Waiting-to-Death, or Security and Asylum-Seeking in a Hospital ER

By Pitts-Taylor, Vitoria | Women's Studies Quarterly, Spring 2011 | Go to article overview

Waiting-to-Death, or Security and Asylum-Seeking in a Hospital ER


Pitts-Taylor, Vitoria, Women's Studies Quarterly


Whom am I to tell my private nightmares to if I cant tell them to you?

- Estragon, Waiting for Godot

Waiting

"To wait," according to the Oxford English Dictionary (OED), is to do nothing for a period of time in expectation or hope that something will happen. A "waiting room" is an antechamber for people who are obliged to wait (OED).

"Detention" is compulsory delay, confinement, restraint, custody, from the Latin for "hold back" (OED). Those being detained are made to wait.

Clarkson Avenue. Building G. Early Morning.

Kings County Hospital in Brooklyn is one of the largest municipal hospitals in the United States.1 The hospital is a sprawling complex on Clarkson Avenue that has more than six hundred beds and sees half a million patients a year. The hospital hosted New York States first open-heart surgery. The first human image from an MRI machine was made in this facility, and its doctors invented the hemodialysis machine for the treatment of kidney failure. Its centers for diabetes, Parkinson s disease, stroke, and pediatric trauma have achieved recognition. It boasts having the "cuttingedge of technology" and providing "the most modern procedures with state-of-the-art equipment" (Kings County Hospital Center n.d.). It is, then, a place of vitality, where our biological capacities to live are managed and extended (Rose 2006). For a number of years, however, the psychiatry ward of Kings County Hospital, housed in Building G, was the focus of a civil rights lawsuit for a record of patient neglect. In this building, in the waiting room of the psychiatry ER, a patient named Esmin Green died of an untreated blood clot while waiting for care.

Esmin Green was an undocumented immigrant to Brooklyn from Jamaica who had been living in the neighborhood surrounding Kings County Hospital for several years. In June 2008, at the age of forty-nine, she was brought by friends to the psychiatry ER because she was experiencing psychosis. This was not her first visit; she had a history of psychotic episodes. Upon arrival, she refused medical review and then was involuntarily admitted, a common practice for psychiatric patients who are deemed unable to consent to medical treatment. She was given a tranquilizer and put in a hospital gown.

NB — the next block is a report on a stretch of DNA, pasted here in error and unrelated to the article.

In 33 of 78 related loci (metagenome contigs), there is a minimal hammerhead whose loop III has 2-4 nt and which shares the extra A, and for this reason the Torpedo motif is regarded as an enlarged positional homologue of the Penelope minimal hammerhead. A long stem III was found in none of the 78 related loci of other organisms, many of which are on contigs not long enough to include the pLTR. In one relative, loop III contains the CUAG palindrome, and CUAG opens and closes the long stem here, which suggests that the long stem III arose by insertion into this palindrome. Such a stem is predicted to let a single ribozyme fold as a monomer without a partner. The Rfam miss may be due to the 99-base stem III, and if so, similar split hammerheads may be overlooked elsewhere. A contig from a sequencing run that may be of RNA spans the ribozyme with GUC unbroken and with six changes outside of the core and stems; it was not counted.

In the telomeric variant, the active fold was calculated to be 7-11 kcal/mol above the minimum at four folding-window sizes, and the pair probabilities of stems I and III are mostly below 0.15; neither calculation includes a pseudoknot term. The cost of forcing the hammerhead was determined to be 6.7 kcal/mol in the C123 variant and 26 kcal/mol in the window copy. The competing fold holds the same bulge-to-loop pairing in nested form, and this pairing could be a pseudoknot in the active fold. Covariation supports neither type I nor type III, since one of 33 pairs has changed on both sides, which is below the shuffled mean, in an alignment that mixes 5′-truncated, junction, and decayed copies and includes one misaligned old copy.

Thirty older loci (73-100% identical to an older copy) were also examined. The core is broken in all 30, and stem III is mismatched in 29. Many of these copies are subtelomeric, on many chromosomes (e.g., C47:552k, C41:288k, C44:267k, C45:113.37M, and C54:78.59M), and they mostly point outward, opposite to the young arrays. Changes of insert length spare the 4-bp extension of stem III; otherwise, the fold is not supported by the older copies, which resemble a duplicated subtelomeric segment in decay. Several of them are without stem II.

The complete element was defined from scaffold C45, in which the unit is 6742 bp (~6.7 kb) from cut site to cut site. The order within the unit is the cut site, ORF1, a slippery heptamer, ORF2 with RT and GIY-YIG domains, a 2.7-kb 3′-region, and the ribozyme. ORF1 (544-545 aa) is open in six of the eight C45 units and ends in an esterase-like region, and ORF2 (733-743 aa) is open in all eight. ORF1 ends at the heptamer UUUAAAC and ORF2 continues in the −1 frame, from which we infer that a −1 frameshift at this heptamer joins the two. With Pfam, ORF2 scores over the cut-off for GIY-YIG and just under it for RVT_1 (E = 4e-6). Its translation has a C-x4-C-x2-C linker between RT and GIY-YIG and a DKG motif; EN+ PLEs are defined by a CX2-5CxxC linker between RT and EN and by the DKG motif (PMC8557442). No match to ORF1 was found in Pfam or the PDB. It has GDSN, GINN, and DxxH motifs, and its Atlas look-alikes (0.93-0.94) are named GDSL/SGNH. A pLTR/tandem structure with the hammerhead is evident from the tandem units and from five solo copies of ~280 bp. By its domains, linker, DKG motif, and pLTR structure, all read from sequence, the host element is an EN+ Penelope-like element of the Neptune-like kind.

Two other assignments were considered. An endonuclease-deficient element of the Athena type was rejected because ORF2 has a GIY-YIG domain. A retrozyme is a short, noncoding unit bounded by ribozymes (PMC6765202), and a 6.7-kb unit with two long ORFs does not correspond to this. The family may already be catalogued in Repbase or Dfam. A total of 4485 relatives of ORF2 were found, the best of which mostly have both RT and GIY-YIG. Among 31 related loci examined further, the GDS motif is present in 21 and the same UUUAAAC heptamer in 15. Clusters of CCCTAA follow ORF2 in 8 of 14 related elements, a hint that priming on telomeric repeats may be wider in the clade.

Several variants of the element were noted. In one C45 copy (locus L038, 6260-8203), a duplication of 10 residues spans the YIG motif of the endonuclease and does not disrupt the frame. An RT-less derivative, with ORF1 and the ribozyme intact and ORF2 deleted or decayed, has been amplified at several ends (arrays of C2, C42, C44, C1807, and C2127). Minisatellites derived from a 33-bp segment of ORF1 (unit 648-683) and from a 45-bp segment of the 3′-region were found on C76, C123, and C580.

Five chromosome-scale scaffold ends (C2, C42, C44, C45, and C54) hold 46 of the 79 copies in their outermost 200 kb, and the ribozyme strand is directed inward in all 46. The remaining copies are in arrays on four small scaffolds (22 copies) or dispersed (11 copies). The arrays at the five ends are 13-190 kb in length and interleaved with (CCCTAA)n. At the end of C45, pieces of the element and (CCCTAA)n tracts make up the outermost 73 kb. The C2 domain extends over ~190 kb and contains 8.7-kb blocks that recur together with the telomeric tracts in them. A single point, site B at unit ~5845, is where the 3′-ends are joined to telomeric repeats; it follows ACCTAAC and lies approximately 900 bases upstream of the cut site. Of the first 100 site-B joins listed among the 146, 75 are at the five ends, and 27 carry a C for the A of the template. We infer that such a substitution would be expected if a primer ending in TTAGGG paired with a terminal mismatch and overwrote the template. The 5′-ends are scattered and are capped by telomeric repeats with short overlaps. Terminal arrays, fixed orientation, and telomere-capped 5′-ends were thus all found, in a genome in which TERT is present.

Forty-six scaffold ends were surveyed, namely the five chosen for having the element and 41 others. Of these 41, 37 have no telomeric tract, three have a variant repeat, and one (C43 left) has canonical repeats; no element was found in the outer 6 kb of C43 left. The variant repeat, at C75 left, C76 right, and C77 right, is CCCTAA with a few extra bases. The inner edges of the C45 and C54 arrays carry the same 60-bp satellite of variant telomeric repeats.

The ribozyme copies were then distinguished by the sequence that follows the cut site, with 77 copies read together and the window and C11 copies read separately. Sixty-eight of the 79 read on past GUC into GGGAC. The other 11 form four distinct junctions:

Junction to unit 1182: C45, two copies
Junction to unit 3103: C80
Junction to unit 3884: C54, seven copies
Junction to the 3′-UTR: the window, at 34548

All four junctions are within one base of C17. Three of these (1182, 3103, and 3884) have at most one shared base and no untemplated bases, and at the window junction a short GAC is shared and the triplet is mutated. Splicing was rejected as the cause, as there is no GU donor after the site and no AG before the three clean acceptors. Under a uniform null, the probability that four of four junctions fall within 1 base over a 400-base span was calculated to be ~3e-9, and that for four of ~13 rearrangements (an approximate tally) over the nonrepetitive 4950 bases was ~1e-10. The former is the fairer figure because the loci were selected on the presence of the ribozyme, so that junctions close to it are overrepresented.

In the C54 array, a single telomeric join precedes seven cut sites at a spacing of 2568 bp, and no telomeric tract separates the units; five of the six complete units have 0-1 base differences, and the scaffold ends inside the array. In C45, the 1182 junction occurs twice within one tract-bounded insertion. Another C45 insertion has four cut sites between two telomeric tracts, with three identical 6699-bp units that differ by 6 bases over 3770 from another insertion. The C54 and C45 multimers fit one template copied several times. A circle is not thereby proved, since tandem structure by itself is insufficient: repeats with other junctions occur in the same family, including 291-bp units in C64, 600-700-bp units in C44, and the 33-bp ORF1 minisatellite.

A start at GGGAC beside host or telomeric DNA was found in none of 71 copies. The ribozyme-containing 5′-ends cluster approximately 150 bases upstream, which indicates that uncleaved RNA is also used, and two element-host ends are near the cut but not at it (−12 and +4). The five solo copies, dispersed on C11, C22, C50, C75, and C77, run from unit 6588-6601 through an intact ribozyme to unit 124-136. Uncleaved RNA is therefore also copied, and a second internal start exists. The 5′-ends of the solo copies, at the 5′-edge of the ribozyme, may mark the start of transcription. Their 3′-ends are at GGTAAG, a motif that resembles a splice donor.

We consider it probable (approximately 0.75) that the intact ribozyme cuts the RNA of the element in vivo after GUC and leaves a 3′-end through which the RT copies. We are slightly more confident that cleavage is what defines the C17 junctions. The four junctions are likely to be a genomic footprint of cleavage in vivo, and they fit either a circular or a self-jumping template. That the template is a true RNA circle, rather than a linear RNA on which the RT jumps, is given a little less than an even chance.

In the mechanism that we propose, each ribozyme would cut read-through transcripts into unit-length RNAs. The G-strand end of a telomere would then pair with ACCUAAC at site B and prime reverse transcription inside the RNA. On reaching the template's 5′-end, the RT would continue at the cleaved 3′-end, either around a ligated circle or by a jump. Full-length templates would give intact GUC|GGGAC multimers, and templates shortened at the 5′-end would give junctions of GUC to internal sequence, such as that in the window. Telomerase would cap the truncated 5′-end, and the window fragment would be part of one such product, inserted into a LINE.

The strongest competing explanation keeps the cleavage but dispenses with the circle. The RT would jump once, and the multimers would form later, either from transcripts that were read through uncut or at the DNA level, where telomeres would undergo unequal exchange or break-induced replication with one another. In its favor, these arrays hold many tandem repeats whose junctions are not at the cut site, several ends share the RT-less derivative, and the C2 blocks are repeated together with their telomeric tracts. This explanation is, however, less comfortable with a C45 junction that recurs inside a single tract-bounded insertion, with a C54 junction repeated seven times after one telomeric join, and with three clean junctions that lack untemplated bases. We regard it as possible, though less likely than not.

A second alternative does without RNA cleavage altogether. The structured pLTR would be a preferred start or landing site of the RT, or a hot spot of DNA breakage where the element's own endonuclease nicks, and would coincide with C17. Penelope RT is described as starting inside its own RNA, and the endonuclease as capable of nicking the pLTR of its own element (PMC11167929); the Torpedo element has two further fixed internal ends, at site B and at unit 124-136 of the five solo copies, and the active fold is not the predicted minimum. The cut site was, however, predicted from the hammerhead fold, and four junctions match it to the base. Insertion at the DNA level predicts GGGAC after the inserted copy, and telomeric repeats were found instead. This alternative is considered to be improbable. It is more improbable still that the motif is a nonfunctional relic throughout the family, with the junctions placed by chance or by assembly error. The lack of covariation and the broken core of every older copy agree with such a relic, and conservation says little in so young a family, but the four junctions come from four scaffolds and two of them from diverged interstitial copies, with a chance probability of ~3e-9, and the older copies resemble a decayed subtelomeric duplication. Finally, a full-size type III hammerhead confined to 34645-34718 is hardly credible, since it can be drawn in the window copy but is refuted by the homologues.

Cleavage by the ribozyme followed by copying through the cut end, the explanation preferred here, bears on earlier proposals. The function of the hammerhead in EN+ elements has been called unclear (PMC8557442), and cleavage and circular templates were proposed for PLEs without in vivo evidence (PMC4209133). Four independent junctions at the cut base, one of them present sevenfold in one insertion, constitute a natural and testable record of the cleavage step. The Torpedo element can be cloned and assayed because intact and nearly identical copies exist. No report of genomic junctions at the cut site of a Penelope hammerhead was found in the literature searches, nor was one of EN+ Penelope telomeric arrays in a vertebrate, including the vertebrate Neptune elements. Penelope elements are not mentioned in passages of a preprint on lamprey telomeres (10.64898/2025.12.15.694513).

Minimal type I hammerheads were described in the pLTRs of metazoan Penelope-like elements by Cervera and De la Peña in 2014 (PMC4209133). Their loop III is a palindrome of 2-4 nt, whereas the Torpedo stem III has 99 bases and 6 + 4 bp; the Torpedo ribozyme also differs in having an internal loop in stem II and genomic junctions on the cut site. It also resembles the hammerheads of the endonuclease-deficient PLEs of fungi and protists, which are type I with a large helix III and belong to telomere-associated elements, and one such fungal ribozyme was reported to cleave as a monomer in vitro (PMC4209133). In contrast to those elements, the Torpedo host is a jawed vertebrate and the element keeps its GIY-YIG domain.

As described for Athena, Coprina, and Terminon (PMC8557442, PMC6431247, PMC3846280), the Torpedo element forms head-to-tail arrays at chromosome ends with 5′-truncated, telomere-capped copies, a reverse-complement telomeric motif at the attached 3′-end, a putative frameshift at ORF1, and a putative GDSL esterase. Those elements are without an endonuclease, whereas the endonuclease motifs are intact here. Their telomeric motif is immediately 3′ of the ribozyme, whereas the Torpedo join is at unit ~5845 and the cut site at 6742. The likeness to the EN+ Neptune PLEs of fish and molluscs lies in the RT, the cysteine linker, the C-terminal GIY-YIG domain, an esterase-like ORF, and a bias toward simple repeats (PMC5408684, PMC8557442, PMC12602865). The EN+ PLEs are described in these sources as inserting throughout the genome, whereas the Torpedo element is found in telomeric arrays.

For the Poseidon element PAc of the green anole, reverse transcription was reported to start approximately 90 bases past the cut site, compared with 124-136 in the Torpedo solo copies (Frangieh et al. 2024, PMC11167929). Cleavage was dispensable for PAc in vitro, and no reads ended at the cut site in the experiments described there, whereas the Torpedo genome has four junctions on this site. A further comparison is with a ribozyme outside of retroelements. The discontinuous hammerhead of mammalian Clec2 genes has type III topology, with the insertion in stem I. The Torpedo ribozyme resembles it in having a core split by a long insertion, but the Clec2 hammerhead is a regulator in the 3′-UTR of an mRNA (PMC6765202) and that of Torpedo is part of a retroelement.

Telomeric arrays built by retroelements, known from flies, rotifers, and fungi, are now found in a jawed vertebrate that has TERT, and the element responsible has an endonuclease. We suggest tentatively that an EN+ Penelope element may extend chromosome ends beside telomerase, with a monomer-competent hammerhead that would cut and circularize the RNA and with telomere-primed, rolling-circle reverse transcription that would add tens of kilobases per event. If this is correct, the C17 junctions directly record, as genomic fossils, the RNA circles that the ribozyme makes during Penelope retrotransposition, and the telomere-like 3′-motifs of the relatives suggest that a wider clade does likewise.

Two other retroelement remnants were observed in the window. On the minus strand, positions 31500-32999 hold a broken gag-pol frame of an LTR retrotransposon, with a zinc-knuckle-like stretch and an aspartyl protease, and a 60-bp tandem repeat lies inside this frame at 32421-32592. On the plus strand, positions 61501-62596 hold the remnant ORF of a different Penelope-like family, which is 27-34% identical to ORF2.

Because of a scarcity of beds in the ward, Esmin Green was left in the waiting room in the company of a few other patients. She waited there for twenty-four hours while hospital staff and security guards ignored her. One of the local newspapers, the New York Daily News, offered this account of her final minutes:

Green, 49, a native of the island of Jamaica, was brought to Kings County because of "agitation." At the end of her waiting room stay, she keels over face down, legs splayed, in plain view. No one does anything.

She lies there for 20 minutes. A security guard comes by, looks at her and leaves.

Roughly 10 minutes pass. Green thrashes her legs.

Roughly 5 more minutes pass. Green rolls over and shortly stops moving.

A security guard checks Green out and leaves her.

A patient summons help. A nurse checks for signs of life - by nudging Green with her foot.

Too late; resuscitation is futile. ("The Snake Pit" 2008)

Such a detailed description was made possible because Esmin Greens death was videotaped. The security cameras, tracking from four different angles, watched and recorded every move of the patient and the staff.

Death, Watched

The local and national media circulated the security tapes of Esmin Greens death and replayed them for weeks, instigating a public outcry. The images of Esmin Green collapsed on the floor, and of the nurse poking Greens body with her foot, went viral on the Internet. Journalists and bloggers highlighted the case as evidence of discrimination against poor, black, immigrant, and mentally ill persons. Others also pointed to a systemwide crisis in psychiatric care in the United States. …

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